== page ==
Small producing mines
Calcrete is present in the western parts of the Free State Province and limestone reserves are substantial. Agricultural- and dolomitic limestone is being produced in opencast workings in the Henneman and Vitjoenstroon District.
Rough granite blocks are extracted in the Parys district for use as dimension stone.
Gypsum is produced from an open cast working in the Boshof district.
Salt is produced from salt pans in the Western Free State where it has been precipitated by the evaporation of brines. Production is concentrated around the Florisbad salt pan, north of northwest Bloemfontein. Salt is being produced from some 20 localities.
SAND AND STONE AGGREGATE
Sand and stone aggregate are produced from various quarries in the Province. A quantity of 3 622 065 t aggregate and sand was sold during 1994, with a value of R41 997 109.
GOLDEN GATE HIGHLANDS NATIONAL PARK
The Golden Gate Park lies at the foot of the Maluti Mountains, and offers visitors over 11000 hectors of true highland habitant, and is home to an array of animals, including black wildebeest, eland, springbok, Burchell’s zebra, the rear bearded vulture and bald ibis. The park gets its name from the bright rays of golden sunlight cast on the park’s sandstone cliffs – truly a sight to behold.
BASOTHO CULTURAL VILLAGE
Nestled in the heart of the QwaQwa national park lies the Basotho Cultural Village, a place that time forgot where the Basotho still practice their traditional ways today. Explore the traditions of the village as you step to the ‘khotla’, the gathering place of men, or enjoy a taste of traditional African beer. Alternatively hear the wise words of traditional healer before watching the women grind maize in their decorated huts.
BLOEMFONTEIN BOTANICAL GARDENS
The botanical gardens consist of a mix of planted and indigenous environments, with two dams, reeds, small hills and indigenous Karee and Wild Olive trees. It also includes an Orchid house said to be the most modern of its kind in the southern hemisphere. The park is also home to over 100 species of birds, and is a perfect place to spend a relaxing day enjoying the scenery.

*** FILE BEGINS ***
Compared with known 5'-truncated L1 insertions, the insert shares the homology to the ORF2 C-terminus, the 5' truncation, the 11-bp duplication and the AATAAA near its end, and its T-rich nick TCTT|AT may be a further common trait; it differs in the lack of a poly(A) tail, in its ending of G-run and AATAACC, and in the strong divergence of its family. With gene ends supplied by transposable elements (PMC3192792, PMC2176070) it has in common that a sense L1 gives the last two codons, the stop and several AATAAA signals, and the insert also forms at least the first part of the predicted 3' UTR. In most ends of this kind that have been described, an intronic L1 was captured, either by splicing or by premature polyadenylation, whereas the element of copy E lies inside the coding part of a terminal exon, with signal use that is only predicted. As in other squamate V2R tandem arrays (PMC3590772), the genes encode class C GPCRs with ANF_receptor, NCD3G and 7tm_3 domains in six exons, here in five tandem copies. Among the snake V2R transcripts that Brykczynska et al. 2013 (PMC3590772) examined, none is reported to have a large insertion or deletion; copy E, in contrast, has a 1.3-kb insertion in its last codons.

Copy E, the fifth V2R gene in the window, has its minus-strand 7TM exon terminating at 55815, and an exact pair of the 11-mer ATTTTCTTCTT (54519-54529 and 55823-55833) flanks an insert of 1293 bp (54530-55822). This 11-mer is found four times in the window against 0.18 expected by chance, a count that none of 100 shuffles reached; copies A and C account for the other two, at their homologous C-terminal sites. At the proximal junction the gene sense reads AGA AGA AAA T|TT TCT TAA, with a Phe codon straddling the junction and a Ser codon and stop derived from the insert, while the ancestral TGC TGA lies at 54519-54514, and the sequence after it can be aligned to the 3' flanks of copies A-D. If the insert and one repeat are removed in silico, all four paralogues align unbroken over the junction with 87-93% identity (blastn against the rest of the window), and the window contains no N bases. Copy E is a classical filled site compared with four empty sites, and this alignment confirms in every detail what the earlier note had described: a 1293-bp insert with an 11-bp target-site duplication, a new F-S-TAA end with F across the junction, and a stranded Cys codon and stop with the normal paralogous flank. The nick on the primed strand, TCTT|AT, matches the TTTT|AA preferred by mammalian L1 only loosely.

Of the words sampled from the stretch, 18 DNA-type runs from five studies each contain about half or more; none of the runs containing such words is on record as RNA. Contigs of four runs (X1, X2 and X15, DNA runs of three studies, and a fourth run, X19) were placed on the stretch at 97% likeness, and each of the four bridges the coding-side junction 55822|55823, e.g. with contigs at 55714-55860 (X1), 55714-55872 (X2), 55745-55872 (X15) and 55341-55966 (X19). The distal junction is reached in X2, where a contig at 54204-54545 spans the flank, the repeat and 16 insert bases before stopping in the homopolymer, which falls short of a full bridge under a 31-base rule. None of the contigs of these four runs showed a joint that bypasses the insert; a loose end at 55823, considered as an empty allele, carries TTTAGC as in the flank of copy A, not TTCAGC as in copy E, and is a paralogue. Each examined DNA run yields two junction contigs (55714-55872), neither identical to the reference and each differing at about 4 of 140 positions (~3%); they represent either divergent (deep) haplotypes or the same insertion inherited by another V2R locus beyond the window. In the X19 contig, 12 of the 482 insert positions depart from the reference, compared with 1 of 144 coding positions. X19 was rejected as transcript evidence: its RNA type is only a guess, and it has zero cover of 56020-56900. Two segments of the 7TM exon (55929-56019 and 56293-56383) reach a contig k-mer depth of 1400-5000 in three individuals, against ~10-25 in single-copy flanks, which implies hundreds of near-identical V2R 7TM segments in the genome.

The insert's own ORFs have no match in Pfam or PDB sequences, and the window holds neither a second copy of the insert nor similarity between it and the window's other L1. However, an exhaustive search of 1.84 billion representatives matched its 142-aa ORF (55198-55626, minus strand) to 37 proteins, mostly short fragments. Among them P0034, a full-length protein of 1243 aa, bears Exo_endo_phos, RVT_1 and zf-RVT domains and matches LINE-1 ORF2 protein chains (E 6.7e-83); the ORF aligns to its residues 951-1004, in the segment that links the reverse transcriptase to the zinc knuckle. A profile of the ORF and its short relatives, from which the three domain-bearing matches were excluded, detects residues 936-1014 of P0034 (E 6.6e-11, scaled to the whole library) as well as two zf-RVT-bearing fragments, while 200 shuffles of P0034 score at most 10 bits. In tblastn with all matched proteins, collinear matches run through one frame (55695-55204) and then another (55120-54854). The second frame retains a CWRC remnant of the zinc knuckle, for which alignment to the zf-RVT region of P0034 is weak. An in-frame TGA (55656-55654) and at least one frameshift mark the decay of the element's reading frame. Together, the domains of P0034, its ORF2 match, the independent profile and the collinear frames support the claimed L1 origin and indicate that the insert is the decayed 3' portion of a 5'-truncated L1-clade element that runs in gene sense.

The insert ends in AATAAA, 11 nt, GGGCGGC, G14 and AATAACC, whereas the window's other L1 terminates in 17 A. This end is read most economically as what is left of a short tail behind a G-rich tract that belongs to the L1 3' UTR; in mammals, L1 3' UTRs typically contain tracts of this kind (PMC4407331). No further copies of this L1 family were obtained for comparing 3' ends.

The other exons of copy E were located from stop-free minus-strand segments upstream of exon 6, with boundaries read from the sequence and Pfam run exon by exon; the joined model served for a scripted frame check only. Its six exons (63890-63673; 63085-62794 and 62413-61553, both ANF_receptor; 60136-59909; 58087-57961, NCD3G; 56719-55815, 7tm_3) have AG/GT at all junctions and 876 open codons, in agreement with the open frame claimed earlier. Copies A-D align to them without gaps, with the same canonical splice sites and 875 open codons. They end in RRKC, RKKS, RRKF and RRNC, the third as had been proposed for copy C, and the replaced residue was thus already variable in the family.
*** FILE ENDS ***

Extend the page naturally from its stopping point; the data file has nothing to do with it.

WAR MEMORIALS AND MONUMENTS
The Anglo Boer War, which broke out in October 1899, was a turning point in South Africa’s history, and the last full scale war fought on South African soil. The Free State offers a number of war monuments and memorials, including battlefield site monuments, museums and war and concentration camp cemeteries.
STEAM TRAIN EXCURSIONS
The Sandstone Steam Rail Company has made it its mission to restore steam trains for tourists to enjoy excursions along the historic Bethlehem-Bloemfontein Rail road. Enjoy timeless travel through unique African destinations such as Maseru or Ladybrand, with many stops to explore and enjoy the scenery- an unusual yet relaxing way to explore vistas and history of the Free State.
OLIEWENHUIS ART MUSEUM
Originally a residence for Governor Generals and State Presidents of South Africa, the museum collects only South African arts and has an excellent compilation of historic and contemporary paintings, sculptures and graphic art. The underground reservoir, built in 1904, is now a general space for workshop, exhibitions and conferences. Visitors can not only enjoy the fine artworks on display, but also will be entertained on weekends by local musicians while enjoying light lunches or walking trails through the surrounding area.
Major Events and Festivals
PHILIPPOLIS WITBLITS FESTIVAL
Visit the oldest town in the Free State to share a proud local tradition- Witblits (white lightning) - a potent local spirit. The festival held in early April, offer a range of activities, including boeresports (traditional farming sports) for the children, food, stalls, and of course Witblits tasting. Philippolis is also well known as an artist haven, with many studios on offer to visit artist in action.
AARDKLOP ARTS FESTIVAL
Have the time of your life at the five day Aardklop festival, held every September in Potchefstroom. Feel the beat of the earth as you enjoy a feast of entertainment, be it jazz, classical music, hard rock, cabaret, circus theatre or poetry.
FICKSBERG CHERRY FESTIVAL
First held in 1969, the Ficksberg Cherry Festival now attract around 20 000 visitors annually every November. Enjoy breath taking scenery while you participate in cherry and asparagus tasting, tours, picnics and music, a truly rustic, traditional festival.
RUSTLER’S VALLEY FESTIVALS
Rustler’s valley in the eastern Free State host a number of annual events, including the Spring Equinox Celebration in September and trance, dance and drumming festivals in November and December, as well as New Year’s celebration. The scenery of the Maluti Mountains surrounding the valley is worth the trip alone.
The Free State, best known for its maize production has, in the last decade, reduced its dependency on the primary sector, and has become a manufacturing economy. Some 14% of the province manufacturing is classified as high-technology industries, which is the highest percentage of all the provincial economies. This growth in high-tech industries is significant in the context of the changing contribution of the gold mining industry to the GGP.
The province three-tier development strategy centres on competitiveness, empowerment, capacity-building and beneficiation. Manufacturing is the second-largest sector in the regional economy. Among the most important activities are the chemical products manufactured by Sasol and the further beneficiation of agricultural product. A wide variety of industries have developed around the production of basic chemical from coal.